- Title: Approach of the Archangel Michael
- Author: John Martin
- Date: 1824-26
- Medium: Mezzotint
- Condition: Excellent
- Inches: 11 x 7 1/2 [Image]
- Centimeters: 27.94 x 19.05 [Image]
- Product ID: 4265
From The Paradise Lost of John Milton (pub. 1846), Book 11, Line 226
Following the temptation and fall of man, Adam and Eve witness the Archangel Michael descend to meet them in Paradise. He informs them that they must leave the Garden. However, Michael comforts the two by telling them that God has given them the whole of the earth to roam and still watches over them.
"Eve, now expect great tidings, which perhaps
Of us will soon determin, or impose
New Laws to be observ'd; for I descrie
From yonder blazing Cloud that veils the Hill
One of the heav'nly Host, and by his Gate
None of the meanest, some great Potentate
Or of the Thrones above, such Majestie
Invests him coming? yet not terrible,
That I should fear, nor sociably mild,
As Raphael, that I should much confide,
But solemn and sublime, whom not to offend,
With reverence I must meet, and thou retire.
He ended; and th' Arch-Angel soon drew nigh,
Not in his shape Celestial, but as Man
Clad to meet Man..." (Paradise Lost XI.226-40).
John Martin (1789-1854) was an English painter and printmaker known for his dramatic and visionary landscapes and apocalyptic scenes. He showed a talent for drawing as a young man and at the age of 17, moved to London with his master, Italian artist Boniface Musso, where he supported himself by giving drawing lessons and painting watercolor. After sending his first oil painting to the Royal Academy, it was not hung and returned to him. The following year he sent the same painting and this time it was hung in the Great Room. Subsequently, he produced a number of large oil paintings, many of them exhibited.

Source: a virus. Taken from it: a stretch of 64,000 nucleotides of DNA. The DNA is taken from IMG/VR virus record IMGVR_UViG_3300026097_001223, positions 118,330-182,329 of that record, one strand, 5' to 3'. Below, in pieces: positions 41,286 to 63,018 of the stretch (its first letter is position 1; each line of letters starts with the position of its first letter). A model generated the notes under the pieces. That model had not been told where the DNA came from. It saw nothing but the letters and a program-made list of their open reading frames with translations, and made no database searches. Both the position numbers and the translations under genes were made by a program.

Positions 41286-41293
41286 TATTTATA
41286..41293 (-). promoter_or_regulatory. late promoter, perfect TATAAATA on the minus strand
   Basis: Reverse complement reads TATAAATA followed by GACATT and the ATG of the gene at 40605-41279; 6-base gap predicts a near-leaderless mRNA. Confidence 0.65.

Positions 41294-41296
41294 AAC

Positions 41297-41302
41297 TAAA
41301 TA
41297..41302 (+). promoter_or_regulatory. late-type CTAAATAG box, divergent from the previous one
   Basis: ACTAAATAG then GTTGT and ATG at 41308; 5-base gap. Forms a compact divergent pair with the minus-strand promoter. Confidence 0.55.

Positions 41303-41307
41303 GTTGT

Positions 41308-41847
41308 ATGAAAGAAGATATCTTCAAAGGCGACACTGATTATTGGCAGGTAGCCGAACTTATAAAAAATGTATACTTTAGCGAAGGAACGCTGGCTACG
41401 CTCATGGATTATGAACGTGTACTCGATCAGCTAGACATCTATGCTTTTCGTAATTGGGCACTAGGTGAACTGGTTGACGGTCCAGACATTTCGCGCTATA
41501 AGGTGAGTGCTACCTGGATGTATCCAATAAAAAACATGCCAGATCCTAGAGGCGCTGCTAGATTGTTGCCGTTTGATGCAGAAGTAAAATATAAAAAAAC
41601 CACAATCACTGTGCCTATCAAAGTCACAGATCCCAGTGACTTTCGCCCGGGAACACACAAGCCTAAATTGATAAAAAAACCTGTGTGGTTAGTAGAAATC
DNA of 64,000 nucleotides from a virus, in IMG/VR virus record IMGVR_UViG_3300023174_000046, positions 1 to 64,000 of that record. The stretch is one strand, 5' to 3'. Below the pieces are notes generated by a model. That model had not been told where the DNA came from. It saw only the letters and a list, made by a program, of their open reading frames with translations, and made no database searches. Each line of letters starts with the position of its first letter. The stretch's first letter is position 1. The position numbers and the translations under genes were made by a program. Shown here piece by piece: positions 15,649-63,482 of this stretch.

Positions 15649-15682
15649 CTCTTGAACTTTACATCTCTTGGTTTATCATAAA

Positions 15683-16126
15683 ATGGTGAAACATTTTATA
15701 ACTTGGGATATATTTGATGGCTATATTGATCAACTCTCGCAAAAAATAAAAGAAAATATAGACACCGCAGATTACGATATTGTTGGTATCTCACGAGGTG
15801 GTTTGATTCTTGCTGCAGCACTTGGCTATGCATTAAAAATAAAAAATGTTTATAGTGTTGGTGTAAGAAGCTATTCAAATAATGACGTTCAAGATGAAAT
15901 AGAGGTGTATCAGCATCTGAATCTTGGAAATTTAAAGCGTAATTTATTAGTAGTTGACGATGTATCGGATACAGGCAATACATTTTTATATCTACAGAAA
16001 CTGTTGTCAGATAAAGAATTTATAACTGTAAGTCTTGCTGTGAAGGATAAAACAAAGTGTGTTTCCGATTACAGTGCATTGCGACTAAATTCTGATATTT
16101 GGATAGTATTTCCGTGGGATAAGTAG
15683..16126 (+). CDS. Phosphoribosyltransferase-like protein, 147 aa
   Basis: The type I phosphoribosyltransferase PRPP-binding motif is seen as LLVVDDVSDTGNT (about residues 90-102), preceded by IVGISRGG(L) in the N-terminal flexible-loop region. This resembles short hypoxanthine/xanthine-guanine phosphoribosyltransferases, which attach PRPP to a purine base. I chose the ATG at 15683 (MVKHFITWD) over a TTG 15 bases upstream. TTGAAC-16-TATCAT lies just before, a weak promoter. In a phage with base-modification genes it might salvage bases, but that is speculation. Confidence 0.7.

Martin became known for his grand, imaginative landscapes, often depicting biblical or mythological subjects. Some of his most famous works include "The Great Day of His Wrath," "The Last Judgment," and "The Plains of Heaven," which all convey a sense of impending doom and awe-inspiring power.
Martin's work continued to influence artists in the 19th and 20th centuries, and he remains an important figure in the history of British art.